While the Cubs wait for a conclusion to the Masahiro Tanaka situation and Jeff Samardzija trade rumors/extension talks wage on, fans mobbed the team's top prospects at the Cubs Convention.
After 197 losses in the first two years of Theo Epstein's tenure in Chicago, the fanbase is looking for some sign of hope, and the organization's farm system is a natural place to look.
But like all prospects, the Cubs' top players come with plenty of question marks. With Starlin Castro currently at shortstop, will Javier Baez eventually move off the position? How are international players like Jorge Soler adjusting to life in the U.S.? Will Arodys Vizcaino bounce back after losing two straight seasons to injury?
These are the burning questions on the minds of Cubs fans and senior vice president of scouting and player development Jason McLeod took the time to address each query Sunday at the Sheraton Chicago Hotel & Towers.
As the Cubs head into Year 3 under Theo Epstein's front office, the organization's top prospects have dominated the headlines. Leading into spring training, CSNChicago.com will look toward the future and run down the potential impact players in the system.
[Prospect Watch: Cubs see big things for Vogelbach]
Castro has struggled in the field at times in his four-year career, but lowered his error total to 22 in 2013 while playing more than 1,400 innings. Baez has shown a penchant for highlight-reel plays in the minor leagues, but has struggled with the routine plays, committing 44 errors in just 123 games between Advanced Class-A Daytona and Double-A Tennessee last year.
For now, the Cubs plan to keep Baez at shortstop, a position he will play for Triple-A Iowa in 2014.
"That's something we have to sit down and discuss if we want to see what he looks like at second base or another position," McLeod said. "Our hope is that he plays shortstop as long as he possibly can. We think he can for a while. He certainly has some things to clean up with the errors that were made last year."
If Baez continues to progress and eventually cracks the big-league lineup, something will have to give.
"It's a good problem to have, if it comes to that," McLeod said. "If he goes out and is having a very good year and the defense is tightened up and he gets better on his approach every day, then that will be a decision to make down the road.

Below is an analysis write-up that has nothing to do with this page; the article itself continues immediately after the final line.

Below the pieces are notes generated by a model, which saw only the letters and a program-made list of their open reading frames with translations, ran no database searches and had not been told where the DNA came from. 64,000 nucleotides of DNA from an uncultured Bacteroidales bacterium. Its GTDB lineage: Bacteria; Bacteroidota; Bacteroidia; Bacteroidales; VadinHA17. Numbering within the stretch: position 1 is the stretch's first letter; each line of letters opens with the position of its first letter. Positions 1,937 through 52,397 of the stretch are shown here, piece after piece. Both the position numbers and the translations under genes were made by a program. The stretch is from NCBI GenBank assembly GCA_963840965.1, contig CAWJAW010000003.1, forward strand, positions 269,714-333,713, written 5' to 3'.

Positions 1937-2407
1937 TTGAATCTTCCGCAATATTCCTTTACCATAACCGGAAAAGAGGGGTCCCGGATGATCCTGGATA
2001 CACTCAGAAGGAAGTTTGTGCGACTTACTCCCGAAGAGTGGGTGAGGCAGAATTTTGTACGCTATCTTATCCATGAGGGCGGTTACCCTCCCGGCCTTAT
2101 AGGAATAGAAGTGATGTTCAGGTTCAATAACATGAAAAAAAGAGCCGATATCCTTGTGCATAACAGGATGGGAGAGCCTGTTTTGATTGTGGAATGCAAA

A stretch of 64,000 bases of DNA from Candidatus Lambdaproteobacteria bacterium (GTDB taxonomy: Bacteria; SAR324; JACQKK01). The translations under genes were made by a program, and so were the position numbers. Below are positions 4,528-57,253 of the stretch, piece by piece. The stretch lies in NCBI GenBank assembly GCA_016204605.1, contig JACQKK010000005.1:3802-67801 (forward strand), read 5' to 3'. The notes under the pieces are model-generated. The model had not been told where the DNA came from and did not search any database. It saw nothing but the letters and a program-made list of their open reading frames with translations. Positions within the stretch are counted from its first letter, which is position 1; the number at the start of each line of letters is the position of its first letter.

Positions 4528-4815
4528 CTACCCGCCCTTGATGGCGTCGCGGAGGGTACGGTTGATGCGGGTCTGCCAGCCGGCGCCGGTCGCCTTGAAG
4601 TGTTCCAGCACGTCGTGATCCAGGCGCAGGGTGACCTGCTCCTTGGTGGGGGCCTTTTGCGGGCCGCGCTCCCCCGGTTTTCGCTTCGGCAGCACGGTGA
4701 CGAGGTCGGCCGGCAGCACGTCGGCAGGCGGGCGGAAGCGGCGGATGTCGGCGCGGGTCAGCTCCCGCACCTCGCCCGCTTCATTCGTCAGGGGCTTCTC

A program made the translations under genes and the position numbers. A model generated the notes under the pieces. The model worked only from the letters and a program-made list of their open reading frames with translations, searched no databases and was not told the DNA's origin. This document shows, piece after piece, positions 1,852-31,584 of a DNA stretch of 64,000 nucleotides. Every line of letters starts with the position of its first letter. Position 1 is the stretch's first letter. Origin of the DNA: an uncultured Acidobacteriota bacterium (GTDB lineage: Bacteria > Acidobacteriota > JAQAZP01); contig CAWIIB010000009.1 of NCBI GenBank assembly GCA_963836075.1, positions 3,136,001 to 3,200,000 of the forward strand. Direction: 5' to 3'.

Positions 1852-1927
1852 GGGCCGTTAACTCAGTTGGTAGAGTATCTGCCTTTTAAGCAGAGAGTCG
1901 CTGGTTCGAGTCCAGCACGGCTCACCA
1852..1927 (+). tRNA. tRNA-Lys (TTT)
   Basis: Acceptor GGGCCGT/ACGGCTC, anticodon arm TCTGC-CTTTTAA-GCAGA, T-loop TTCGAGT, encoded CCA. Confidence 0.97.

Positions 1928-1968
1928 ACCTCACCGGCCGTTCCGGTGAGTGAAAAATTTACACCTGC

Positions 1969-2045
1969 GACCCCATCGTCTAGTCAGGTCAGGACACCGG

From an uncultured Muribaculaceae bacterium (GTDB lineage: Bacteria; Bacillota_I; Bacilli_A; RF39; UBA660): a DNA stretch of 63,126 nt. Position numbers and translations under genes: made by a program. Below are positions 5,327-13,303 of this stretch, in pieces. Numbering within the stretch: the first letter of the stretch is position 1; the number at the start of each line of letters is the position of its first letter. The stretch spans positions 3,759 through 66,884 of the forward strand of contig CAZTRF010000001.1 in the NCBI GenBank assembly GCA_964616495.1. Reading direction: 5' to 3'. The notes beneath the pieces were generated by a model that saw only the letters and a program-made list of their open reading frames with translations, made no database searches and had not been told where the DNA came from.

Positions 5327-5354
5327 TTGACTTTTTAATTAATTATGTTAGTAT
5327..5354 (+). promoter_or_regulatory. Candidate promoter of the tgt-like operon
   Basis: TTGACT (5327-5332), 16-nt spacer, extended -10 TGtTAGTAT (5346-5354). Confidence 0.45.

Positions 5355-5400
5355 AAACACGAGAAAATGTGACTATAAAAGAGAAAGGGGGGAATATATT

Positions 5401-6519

"And I'm sure once we get to spring training, we'll sit down with [president Theo Epstein], [general manager Jed Hoyer] and the rest of the staff and see what the best way is to go about it."
While Baez had a breakthrough year, hitting 37 homers and emerging as one of the top power prospects in the game, Soler endured a tough 2013 season, getting benched in late April for not hustling and then suffering a leg injury in late June. But it was Soler's suspension in April that created a stir after he grabbed a bat and had to be restrained during a bench-clearing incident in Advanced Class-A.
2013 was the first full year in America for Soler, a big-bodied kid (6-foot-4, 215 pounds) from Cuba who is still trying to adapt to life in the states.
"We have what we like to call a Latin American cultural assimilation program that's overseen by a coordinator," McLeod said. "That touches on different aspects from mental skills on field, but primarily off-field and assimilating to the United States and how to make different types of decisions and choices.
"A lot of it has to do with communication and English language classes. An incident like that -- that's an isolated incident -- certainly, we took a lot of time with him and tried to communicate as much as possible because obviously he knew right away that wasn't the right thing to do. At the same time, we have to understand where he comes from and a lot of the way they play in Cuba with fire and passion and intensity, that's a different style.
"We're trying to share information and say 'this culture, the way the game is played and the way you conduct yourself, this is how you act as professionals here. It's a constant education and not just for him."
Vizcaino came to the Cubs organization around the same time as Soler -- in late July 2012 -- but has yet to make an impact. The 23-year-old right-hander hasn't pitched professionally since 2011 after undergoing Tommy John surgery in 2012 and dealing with complications in his elbow last season.
McLeod says the former top prospect is back on track after two years on the sidelines.
"We're taking it conservative with the rehab and he's still only 23," McLeod said. "When he's right and healthy, he has electric stuff and hopefully that stuff will return."